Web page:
In the early 1940s, relations between the Union of Soviet Socialist Republics and the Greater Empire of Japan were surprisingly good. Despite Japan being a member of the Axis pact and the Soviet Union being allied with the British Empire and the United States, relations between Moscow and Tokyo remained reasonable and calm.
The document which defined this most unusual relationship was the Neutrality Pact of 1941, according to which the sides pledged to non-aggression and non-interference in any war the other side was waging.
With the signing of the Pact on April 13, 1941, both Tokyo and Moscow promised to respect the borders of the other side’s satellite states: Manchukuo and Mongolian People’s Republic. It was also stated in the Pact that it could have been nullified with notice given a year in advance.
Despite the USSR being attacked by Nazi Germany a few months after the signing of the Neutrality Pact, Japan duly upheld the pact and did not interfere in the war. The Soviet Union appreciated this and for several years its official publications refrained from criticizing Japan – which had been portrayed as an enemy capitalist nation before 1941.
THE ROAD TO WAR
The event which changed it all was the Yalta Conference in February 1945, in which Winston Churchill, Joseph Stalin, and Franklin Roosevelt spoke of the fate of the post-war world. By that time it was already clear that victory was inevitable – but Washington still did not know if they would succeed with their latest military innovation: the atomic bomb. It was in Yalta where Churchill and FDR made their biggest mistake: they asked Stalin to participate in the war against Japan.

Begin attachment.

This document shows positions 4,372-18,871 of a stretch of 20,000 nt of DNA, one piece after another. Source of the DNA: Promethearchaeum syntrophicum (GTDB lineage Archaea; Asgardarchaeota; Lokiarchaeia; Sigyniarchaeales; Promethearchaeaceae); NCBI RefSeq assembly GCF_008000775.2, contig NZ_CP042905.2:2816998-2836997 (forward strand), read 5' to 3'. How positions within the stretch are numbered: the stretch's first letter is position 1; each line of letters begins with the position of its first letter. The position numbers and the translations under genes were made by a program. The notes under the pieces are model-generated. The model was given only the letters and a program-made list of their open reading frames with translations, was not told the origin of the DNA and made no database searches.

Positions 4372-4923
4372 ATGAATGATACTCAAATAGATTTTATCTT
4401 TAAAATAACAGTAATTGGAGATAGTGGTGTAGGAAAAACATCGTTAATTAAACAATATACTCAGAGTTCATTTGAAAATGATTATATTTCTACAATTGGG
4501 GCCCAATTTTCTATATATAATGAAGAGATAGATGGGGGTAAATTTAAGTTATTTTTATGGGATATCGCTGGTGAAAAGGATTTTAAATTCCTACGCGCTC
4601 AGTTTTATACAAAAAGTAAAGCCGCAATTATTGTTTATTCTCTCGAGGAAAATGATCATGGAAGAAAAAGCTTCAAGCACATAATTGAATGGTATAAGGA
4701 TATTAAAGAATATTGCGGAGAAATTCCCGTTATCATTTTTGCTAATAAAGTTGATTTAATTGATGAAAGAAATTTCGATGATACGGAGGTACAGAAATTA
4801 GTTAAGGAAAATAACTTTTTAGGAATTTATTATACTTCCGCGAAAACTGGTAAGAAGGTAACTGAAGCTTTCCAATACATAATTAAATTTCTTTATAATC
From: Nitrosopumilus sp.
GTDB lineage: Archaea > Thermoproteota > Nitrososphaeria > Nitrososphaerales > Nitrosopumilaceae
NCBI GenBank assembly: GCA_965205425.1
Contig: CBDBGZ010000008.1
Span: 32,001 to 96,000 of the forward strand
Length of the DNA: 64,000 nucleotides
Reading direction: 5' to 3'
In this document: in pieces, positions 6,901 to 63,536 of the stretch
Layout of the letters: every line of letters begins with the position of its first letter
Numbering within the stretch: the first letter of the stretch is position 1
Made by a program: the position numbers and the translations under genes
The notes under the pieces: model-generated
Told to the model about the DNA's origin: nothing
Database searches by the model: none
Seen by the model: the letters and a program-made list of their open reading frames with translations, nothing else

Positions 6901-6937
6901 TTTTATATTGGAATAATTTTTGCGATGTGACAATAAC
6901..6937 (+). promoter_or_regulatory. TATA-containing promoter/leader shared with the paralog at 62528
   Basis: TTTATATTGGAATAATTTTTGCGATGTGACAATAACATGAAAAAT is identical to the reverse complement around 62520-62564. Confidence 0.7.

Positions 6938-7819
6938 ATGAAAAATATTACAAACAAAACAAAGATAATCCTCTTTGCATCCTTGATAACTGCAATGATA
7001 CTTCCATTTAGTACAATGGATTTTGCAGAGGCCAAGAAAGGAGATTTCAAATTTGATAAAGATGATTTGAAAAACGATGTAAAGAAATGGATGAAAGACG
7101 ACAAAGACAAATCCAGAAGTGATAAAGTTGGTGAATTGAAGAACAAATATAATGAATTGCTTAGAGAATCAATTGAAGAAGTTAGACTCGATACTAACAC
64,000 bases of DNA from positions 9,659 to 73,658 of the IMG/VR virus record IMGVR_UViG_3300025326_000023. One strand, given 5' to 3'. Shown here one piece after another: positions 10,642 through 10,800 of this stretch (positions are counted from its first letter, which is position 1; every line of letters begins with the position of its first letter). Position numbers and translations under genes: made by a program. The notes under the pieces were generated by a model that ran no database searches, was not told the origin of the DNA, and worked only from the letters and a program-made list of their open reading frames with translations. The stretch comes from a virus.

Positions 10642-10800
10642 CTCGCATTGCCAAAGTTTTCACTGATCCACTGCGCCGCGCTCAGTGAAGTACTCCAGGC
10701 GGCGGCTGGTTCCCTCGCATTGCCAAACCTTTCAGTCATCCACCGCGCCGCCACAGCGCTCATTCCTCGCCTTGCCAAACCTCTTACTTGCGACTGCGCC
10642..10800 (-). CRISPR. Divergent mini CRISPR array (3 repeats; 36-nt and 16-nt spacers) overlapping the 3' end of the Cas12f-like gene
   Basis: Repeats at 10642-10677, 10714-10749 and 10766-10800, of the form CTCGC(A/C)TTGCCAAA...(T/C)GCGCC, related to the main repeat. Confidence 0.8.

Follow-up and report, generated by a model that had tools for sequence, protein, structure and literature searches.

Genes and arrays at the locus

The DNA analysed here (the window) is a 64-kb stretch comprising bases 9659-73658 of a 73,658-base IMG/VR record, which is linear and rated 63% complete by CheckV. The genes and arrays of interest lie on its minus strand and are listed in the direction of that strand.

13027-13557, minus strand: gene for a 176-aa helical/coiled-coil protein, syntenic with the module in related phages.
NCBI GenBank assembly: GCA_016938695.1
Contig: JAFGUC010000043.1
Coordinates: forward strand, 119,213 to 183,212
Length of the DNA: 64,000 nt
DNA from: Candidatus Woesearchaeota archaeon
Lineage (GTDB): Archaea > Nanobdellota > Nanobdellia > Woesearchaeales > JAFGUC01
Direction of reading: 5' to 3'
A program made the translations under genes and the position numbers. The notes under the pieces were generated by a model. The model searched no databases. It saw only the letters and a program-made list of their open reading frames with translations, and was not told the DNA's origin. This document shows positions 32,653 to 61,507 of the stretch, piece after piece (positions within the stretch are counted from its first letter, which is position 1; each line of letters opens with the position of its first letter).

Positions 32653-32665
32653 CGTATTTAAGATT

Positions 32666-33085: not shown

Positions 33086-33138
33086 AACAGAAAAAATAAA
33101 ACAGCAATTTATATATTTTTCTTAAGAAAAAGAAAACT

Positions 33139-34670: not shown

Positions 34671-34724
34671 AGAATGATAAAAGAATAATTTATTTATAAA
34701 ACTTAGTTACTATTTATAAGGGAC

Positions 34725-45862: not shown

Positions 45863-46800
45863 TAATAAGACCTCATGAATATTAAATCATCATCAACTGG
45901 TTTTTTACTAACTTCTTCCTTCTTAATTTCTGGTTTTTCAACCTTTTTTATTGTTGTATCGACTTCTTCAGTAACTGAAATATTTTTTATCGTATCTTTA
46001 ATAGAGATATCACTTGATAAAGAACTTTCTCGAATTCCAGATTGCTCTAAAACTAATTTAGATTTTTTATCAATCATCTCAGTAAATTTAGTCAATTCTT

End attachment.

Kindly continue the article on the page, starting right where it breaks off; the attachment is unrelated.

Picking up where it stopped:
On April 5, Moscow informed Japanese Ambassador Sato Naotake that they intended to nullify the Neutrality Pact. Sato immediately asked if this meant that the Pact continued to be in force for another year and was assured that it was the case. However both sides understood that this would likely not be so – and preparations for war began.
The Soviet Union formed the Supreme Command of the Soviet Forces in the Far East, headed by Marshal Aleksandr Vasilevskiy, who was instructed to prepare the attack. The Empire of Japan in return formed the Seventeenth Area Army, commanded by Lieutenant General Kozuki Yoshio, to defend Korea. Defense of the Japanese satellite of Manchukuo was to be done by Kwantung Army.
THE BEGINNING OF THE END
The Soviet Union declared war on Japan on August 8, two days after Hiroshima was devastated by a nuclear attack. The declaration was announced at 1700 Moscow time: due to the time difference, it was 2300 in Manchukuo. The state of war was to take effect in an hour.
Thus, it was technically not a surprise attack, although the conditions of the Neutrality Pact were violated – the USSR broke it before the one-year term expired. However, given that neither Tokyo nor Xinjing were informed in time about the war declaration by the Japanese embassy in Moscow, the attack proved to be a surprise after all.
The invasion began on the same day the second atomic strike destroyed Nagasaki. The Red Army, armed with superior weaponry and experience in the war in Europe, proved itself to be overwhelmingly superior to its enemy. The invasion began in not only Manchukuo and Korea but also the Japanese mainland – Karafuto Prefecture, located at the southern part of the Sakhalin island and Chishima islands, which soon regained their old name – the Kurils.